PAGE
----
Pick The Subordinated Bond Out
Something interesting happened on the way to the detail-free bailout of Spain's insolvent banking system (which may or may not see senior bond impairments depending on just how big of a capitalization hole the ECB, not some fringe blog, sees). We got details. To wit, from Dow Jones:
The European Union loan to Spain will have a 30-year maturity, an interest rate of 2.5% and a 10-year grace period, reports ABC in its Monday Internet edition, without citing any sources.
The EU has offered to lend up to EUR100 billion to Spain, but the definite figure and the final details of the EU aid won't be known until July 20, when a final bailout agreement is expected to be signed off by EU finance ministers.
Now here's the thing: anyone who has ever looked at a balance sheet, and actually happens to be familiar with terms such as priority, seniority, guarantee, and subordination, will notice something rather peculiar. Namely that only idiots of the nth degree will claim that a 30 year 2.5% bond is pari passu, or equal in right of subordination - precisely what those unelected technocrats in Europe have been repeating day after day since various European summits - with a 10 year at 7%, which is where the Spanish debt actually clears the market. In other words, sorry - there is something here which gives the bailout debt implied seniority. And here is the punchline: if the Spanish bailout debt does not trade like a pari passu piece of debt, it means that it is... i) not pari passu, and that it is ii) priming, no matter what any so-called pundit with a newsletter to peddle, may claim otherwise. Period. End of Story.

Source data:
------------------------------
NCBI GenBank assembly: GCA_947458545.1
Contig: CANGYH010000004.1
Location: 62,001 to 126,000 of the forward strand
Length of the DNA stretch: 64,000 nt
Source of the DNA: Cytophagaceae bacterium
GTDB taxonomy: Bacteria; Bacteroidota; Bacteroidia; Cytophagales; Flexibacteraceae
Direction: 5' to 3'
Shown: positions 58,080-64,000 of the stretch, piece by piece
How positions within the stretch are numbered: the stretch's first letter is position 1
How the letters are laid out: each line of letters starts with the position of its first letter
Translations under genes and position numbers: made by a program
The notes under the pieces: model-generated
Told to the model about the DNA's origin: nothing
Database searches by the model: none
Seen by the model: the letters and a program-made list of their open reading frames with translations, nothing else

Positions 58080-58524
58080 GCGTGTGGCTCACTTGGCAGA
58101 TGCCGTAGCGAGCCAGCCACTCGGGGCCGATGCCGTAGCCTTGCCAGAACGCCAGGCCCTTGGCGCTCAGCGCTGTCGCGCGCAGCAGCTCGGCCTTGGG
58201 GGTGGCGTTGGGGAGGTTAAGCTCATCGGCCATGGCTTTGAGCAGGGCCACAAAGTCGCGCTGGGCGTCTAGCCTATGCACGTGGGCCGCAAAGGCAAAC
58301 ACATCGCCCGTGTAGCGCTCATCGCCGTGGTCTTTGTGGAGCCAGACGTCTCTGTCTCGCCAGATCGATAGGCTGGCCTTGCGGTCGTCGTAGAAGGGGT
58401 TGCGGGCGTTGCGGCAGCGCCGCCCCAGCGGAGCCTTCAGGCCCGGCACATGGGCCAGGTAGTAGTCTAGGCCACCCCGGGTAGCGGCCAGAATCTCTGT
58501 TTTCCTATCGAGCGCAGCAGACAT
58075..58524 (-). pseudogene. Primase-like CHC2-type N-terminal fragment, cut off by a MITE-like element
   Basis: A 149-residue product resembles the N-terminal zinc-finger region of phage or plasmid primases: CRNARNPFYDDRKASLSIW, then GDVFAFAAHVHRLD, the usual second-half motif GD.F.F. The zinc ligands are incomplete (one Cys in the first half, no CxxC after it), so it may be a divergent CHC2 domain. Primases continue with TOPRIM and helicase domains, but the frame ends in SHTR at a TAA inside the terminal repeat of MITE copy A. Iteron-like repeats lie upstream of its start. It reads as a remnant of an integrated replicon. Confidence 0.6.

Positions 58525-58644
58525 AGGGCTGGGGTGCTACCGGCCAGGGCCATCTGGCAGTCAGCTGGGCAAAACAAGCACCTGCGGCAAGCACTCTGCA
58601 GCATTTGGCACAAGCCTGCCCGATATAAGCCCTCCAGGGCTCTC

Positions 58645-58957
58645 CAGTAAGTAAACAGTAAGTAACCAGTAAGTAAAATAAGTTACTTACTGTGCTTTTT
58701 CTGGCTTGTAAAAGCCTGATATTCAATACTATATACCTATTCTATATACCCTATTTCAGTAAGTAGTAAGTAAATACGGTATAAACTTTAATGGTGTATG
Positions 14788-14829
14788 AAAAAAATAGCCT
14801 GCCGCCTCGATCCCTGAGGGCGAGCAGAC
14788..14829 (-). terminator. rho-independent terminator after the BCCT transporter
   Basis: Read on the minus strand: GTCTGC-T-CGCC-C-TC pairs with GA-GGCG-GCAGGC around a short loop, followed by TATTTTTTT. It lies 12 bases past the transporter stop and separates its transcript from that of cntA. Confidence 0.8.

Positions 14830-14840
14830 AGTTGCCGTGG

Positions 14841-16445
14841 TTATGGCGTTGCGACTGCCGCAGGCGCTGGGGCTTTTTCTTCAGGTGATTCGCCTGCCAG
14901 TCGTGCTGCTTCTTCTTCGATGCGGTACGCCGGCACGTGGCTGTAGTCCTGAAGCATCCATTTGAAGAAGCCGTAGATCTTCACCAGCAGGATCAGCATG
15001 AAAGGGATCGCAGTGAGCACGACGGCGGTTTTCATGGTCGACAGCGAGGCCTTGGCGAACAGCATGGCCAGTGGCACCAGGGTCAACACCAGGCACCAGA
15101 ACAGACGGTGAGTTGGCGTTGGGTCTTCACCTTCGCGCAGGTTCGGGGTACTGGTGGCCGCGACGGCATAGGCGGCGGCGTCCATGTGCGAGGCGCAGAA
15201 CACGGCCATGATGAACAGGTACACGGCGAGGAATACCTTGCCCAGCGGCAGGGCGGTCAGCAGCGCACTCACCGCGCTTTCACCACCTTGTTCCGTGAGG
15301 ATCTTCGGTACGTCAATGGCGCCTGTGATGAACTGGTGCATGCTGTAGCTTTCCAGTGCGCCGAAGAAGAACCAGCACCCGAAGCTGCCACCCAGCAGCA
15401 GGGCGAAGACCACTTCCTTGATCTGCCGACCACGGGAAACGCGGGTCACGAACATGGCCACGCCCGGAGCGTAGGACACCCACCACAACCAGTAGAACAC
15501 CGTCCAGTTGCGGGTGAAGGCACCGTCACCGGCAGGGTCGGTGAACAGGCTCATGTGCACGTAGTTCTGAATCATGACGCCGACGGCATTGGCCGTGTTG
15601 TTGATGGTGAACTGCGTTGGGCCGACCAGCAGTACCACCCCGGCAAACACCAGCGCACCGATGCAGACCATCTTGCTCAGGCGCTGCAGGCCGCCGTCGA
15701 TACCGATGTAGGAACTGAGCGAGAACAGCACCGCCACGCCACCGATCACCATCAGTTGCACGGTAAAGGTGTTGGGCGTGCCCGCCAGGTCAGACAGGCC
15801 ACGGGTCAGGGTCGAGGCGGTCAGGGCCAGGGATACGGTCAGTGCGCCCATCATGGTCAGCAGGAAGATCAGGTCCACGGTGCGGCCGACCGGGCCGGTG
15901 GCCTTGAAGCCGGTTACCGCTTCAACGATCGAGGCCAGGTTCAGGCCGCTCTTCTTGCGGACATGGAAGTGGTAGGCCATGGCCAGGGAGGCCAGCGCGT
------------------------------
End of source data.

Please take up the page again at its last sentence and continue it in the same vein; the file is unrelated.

Or in other words: spot the subordinated bond out:
- 10 Year at 7%, or
- 30 Year at 2.5%
Take your time. We have all the time that's left in the future of the Eurozone... and then some.